Welcome to the Language Lab!

We are interested in studying how infants tune into their native language(s) and how children eventually develop the implicit rules of language that allow them to comprehend and produce grammatical sentences. To do this we study infants’, toddlers’, and young children’s language perception and production abilities.

Recent Study Results

  • How do children use syntax to learn verb meanings?

    Previous work finds that children use the syntax of a sentence with a new verb in order to make a guess about its meaning. One hypothesis proposes that children do this by using the number of arguments in a sentence: they expect a sentence with two arguments (a subject and an object) to describe an …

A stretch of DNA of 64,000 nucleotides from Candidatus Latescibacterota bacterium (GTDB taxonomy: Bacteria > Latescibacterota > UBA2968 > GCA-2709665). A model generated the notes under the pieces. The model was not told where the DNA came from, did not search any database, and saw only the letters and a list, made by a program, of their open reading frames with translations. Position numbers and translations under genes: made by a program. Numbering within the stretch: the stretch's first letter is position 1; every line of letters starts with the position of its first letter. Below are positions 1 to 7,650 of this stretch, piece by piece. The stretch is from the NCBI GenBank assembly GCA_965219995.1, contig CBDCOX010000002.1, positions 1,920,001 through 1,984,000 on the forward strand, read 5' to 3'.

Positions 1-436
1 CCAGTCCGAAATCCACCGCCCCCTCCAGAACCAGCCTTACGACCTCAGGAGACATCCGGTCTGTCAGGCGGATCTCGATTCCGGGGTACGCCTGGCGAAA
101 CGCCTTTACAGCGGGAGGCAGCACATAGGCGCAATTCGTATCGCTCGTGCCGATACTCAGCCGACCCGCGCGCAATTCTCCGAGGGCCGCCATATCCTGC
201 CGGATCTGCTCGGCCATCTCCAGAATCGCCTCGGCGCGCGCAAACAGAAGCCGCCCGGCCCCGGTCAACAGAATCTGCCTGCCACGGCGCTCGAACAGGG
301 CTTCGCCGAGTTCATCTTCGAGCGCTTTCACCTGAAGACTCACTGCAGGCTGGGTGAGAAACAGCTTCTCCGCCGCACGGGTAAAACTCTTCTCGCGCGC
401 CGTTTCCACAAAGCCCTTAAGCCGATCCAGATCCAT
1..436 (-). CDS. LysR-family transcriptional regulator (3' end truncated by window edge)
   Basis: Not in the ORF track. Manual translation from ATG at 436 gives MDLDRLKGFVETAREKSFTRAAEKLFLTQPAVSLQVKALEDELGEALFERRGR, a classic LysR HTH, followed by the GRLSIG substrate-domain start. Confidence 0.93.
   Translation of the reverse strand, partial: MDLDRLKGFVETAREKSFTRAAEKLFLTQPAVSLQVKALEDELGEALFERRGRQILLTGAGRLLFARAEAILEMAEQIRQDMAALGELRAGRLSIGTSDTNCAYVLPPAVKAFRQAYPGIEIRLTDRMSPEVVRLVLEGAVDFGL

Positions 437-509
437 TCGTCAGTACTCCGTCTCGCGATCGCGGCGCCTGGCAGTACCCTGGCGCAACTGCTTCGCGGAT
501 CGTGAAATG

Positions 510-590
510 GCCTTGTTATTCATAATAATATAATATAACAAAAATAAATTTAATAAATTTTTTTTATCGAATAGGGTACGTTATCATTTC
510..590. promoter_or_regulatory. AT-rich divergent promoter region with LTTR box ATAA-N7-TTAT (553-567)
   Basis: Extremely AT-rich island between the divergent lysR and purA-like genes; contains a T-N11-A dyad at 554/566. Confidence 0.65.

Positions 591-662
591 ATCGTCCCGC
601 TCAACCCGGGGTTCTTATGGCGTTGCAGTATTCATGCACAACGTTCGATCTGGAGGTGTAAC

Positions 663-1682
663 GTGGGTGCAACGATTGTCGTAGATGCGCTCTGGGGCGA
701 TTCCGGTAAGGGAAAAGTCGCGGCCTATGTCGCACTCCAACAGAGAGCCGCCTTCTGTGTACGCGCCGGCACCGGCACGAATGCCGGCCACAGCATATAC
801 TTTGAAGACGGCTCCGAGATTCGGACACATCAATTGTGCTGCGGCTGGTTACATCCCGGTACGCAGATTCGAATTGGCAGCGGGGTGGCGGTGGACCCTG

• How many participants do infants represent when they view events in the world?

    In order to learn the meaning of a new verb, like take, children need to decide what kind of event in the world it labels, and whether that event tends to have one, two, or more core “participants.” Here, we asked how many participants infants readily perceive when viewing events in the world, independent of …

  • Can 19-month-olds process wh-questions incrementally?

    When adults hear a wh-question with a fronted object, like What is she wiping with the cloth?, they interpret what as the direct object of the verb wipe rapidly, as the sentence is unfolding in real-time. In our prior work, we found that 18-month-olds are able to represent the structure of these questions. Here, we …

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